Two years ago I had a surgery that took an unexpected turn. After my recovery, I was referred to a naturopath who – through observation, questions, and treatment – helped me recognize food sensitivities to gluten and corn. Since I became gluten free in April 2011, I’ve never looked back.
Shortly after he was born, we discovered our son had some health issues. Blake is very healthy overall, but the combination of asthma, rashes, and digestion issues combined with a life-threatening illness at age 11 months meant he’s spent a lot of time in an out of specialists’ offices and taking medication.
Momma don’t like that.
We’ve tried a lot to relieve his symptoms over the years, but my suspicion that Blake has a gluten sensitivity has only grown since I found great relief living a gluten free lifestyle. He’s hardly gained weight in the past two years and is growing slowly in height. Blake had an inconclusive blood test to test for Celiac disease last year so the jury’s still out, but a sensitivity is still rather likely in my mind. When I read Wheat Belly by Dr. William Davis, I decided I’d not wait any longer to help Blake determine whether he has a sensitivity to gluten or not.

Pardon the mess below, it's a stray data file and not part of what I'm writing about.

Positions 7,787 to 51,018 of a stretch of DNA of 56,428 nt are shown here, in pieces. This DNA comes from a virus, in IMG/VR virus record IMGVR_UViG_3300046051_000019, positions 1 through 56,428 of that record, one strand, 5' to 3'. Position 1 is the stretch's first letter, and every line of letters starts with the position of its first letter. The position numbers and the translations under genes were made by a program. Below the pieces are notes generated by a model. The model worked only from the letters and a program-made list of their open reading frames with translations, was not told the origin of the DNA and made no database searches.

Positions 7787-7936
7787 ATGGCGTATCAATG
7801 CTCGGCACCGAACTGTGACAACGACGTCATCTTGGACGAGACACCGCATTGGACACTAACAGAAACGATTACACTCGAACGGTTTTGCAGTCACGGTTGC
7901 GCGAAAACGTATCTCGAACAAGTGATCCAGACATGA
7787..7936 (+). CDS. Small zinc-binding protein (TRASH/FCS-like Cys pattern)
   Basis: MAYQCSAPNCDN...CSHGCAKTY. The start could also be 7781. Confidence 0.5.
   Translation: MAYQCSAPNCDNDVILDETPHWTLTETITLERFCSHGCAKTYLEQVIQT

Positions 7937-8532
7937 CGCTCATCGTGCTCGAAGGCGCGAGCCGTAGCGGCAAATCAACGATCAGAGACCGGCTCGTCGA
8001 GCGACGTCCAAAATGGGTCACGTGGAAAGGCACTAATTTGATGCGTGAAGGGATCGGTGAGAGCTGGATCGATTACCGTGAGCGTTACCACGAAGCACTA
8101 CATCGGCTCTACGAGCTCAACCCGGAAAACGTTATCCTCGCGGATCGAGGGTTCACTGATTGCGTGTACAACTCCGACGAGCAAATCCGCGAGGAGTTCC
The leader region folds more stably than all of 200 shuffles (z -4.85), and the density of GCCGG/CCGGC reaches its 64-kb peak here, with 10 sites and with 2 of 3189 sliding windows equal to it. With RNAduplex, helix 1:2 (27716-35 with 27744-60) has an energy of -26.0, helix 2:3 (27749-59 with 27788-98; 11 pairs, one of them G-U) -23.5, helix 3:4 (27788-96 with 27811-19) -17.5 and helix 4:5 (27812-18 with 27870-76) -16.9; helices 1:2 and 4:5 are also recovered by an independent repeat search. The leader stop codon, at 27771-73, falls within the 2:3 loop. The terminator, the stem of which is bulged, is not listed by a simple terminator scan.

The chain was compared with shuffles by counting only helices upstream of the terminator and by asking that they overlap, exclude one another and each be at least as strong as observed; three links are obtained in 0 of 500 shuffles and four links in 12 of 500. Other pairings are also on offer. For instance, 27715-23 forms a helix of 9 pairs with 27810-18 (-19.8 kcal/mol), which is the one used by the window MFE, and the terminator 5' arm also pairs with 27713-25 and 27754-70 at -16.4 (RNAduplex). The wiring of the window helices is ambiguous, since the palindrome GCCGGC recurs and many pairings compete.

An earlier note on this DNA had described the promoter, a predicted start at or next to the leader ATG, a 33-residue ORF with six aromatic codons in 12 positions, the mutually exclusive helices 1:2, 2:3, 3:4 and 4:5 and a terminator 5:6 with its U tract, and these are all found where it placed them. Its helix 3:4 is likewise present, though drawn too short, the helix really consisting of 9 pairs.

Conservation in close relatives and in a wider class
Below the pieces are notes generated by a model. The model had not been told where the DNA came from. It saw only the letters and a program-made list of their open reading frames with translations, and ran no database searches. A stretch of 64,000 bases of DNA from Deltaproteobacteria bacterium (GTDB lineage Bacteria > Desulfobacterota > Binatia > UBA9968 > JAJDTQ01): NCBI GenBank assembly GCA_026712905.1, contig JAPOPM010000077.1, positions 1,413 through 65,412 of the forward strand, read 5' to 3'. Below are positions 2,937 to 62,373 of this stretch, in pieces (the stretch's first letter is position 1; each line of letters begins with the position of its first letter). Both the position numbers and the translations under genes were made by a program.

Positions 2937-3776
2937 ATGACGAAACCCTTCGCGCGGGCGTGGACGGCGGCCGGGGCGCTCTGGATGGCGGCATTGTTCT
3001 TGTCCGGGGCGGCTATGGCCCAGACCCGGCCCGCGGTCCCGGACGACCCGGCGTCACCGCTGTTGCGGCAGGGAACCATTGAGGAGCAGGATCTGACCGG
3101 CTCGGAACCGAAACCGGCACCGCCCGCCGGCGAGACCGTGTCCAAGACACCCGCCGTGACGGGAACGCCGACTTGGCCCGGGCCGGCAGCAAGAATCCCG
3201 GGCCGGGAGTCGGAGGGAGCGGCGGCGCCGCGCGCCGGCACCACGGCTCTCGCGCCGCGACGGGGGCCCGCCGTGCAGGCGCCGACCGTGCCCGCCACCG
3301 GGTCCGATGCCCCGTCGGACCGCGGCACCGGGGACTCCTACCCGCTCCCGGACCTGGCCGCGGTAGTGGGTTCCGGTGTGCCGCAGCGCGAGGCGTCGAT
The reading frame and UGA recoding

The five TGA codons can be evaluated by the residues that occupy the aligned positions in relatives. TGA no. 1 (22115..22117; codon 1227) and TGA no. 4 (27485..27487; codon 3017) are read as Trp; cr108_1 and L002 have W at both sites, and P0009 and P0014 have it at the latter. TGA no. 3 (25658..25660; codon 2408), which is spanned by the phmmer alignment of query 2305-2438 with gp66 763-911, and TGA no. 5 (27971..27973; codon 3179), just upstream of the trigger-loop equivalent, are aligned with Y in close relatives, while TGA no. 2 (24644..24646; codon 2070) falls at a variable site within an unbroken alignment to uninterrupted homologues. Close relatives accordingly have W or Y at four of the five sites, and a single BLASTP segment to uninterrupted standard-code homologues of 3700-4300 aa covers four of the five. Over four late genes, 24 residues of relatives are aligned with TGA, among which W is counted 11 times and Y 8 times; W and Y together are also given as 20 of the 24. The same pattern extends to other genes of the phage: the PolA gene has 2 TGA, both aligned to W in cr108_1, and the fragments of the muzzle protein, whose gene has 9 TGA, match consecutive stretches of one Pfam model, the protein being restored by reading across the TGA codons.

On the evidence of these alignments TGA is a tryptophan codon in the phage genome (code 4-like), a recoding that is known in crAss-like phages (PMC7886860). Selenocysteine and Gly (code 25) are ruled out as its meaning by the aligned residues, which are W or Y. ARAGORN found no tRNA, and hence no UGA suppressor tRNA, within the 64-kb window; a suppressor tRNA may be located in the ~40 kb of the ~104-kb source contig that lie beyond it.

How can I help my kids stop eating gluten?
To be fair, Blake is familiar with living a gluten free lifestyle already because most of the dinners I provide at home are gluten free. He’s watched me make careful meal orders at restaurants and turn down an offer of food that has gluten in it since April 2011.
No one likes being told what they can’t do. But I can’t think of anyone who despises being told what they can do. So I sat down with my son and explained I’d like to help him do an experiment to see if some of his annoying health issues don’t improve over the weeks to come. His main concern was that he wouldn’t have any good foods to take to school for lunch each day.
- I wrote out a list of foods (pictured) he likes that he can eat any time without consuming gluten.
- We created a special drawer in our fridge and an area on a pantry shelf from which Blake knows he can choose food to eat.
- My husband emailed Blake’s teacher to let her know we’re removing gluten from Blake’s diet for awhile to monitor for any improvement in symptoms.
- Blake has snacks he can enjoy at school when the other children bring in treats.
After reviewing the list, he was surprisingly willing to go along without gluten and give it a try once and for all! So far, Blake’s doing a stellar job being gluten free.
If you’ve had to go gluten free or help your kids do so, what did you do to help make the adjustment?